A centenarian Canadian who survived the 1918 flu by hiding in his mother’s bathtub has died aged 105. Joan Rozali, whose husband, Bill, died two years ago, died on Monday morning, her son, Chris Rozali, told the CBC.
The Centralia, Pennsylvania, woman spent much of her life in isolation and was the last person in the world without contact with the flu, which killed 250 million people worldwide, but only left her at risk of serious brain damage if she fell into the bathtub. She died from complications of pneumonia, she had said.
It has been 111 years since the flu pandemic first started to spread. The 1918 flu first came to Western Europe in late September, spreading quickly through Europe to Asia by the end of October. From December 1918 to April 1919, it struck Russia, spread to the Middle East, South America and north Africa. The pandemic is considered the worst flu epidemic since the Spanish flu pandemic of 1918-1919.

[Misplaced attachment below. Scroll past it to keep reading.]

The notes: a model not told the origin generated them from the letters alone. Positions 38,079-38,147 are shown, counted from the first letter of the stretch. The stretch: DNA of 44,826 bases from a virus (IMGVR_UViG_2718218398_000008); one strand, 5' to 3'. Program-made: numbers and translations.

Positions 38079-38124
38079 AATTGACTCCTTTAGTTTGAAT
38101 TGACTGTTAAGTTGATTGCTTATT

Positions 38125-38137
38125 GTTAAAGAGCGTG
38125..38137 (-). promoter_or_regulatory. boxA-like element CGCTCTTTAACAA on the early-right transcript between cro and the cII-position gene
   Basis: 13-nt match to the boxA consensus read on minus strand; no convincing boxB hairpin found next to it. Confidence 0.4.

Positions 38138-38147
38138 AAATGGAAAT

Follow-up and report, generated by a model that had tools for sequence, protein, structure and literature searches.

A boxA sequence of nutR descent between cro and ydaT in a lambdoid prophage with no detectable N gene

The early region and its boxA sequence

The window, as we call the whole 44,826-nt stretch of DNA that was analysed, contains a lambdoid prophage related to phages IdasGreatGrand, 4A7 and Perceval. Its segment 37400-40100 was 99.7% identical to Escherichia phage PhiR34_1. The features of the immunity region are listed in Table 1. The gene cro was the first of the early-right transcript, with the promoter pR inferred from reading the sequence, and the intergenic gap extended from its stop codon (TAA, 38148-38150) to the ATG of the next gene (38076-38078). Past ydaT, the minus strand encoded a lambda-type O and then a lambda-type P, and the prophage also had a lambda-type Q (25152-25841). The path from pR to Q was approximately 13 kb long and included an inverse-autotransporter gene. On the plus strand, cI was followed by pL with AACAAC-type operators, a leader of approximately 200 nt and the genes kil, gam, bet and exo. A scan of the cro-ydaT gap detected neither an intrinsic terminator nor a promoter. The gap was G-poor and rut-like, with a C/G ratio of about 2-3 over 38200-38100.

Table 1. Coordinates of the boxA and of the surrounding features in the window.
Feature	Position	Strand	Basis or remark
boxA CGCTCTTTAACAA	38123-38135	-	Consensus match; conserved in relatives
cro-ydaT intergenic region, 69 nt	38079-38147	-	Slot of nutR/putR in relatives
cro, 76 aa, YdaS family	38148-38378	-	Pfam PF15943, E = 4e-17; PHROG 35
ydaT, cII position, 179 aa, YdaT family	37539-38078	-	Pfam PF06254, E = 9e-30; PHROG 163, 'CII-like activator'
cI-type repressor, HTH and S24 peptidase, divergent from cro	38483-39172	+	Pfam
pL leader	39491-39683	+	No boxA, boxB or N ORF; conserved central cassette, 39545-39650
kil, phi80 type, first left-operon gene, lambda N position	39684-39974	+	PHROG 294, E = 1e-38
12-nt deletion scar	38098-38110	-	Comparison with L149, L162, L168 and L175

Rozali’s mother, Eva, was a shoemaker at the time and her son and wife reportedly worked alongside her, doing the same jobs as her daughters. An olden world few would ever imagine today, Peter Rozali wrote in his memoir of his grandmother, among her hobbies was needlework. Her husband, an employee of the post office, was often away from home during the flu epidemic and he would often return with ash on his clothes and nasal discharge that changed colour, which her family assumed to be the flu.
It would not be until after 1917 that a solution became available. The invention of the cot bathtub in the 1920s would allow people to sneak privacy away from the plumes of air pollution that would normally shroud them as the weather got warmer.
Her son, Rozali, has had the same idea on his wish list for his mother, who was nearing the end of her life. He said, “She told me she wanted one of those portable beds, if we can put her in a portable bed. I said, ‘Mother, can you imagine?’ I’m 92 years old, I’m on my deathbed and I can’t even get a portable bed.”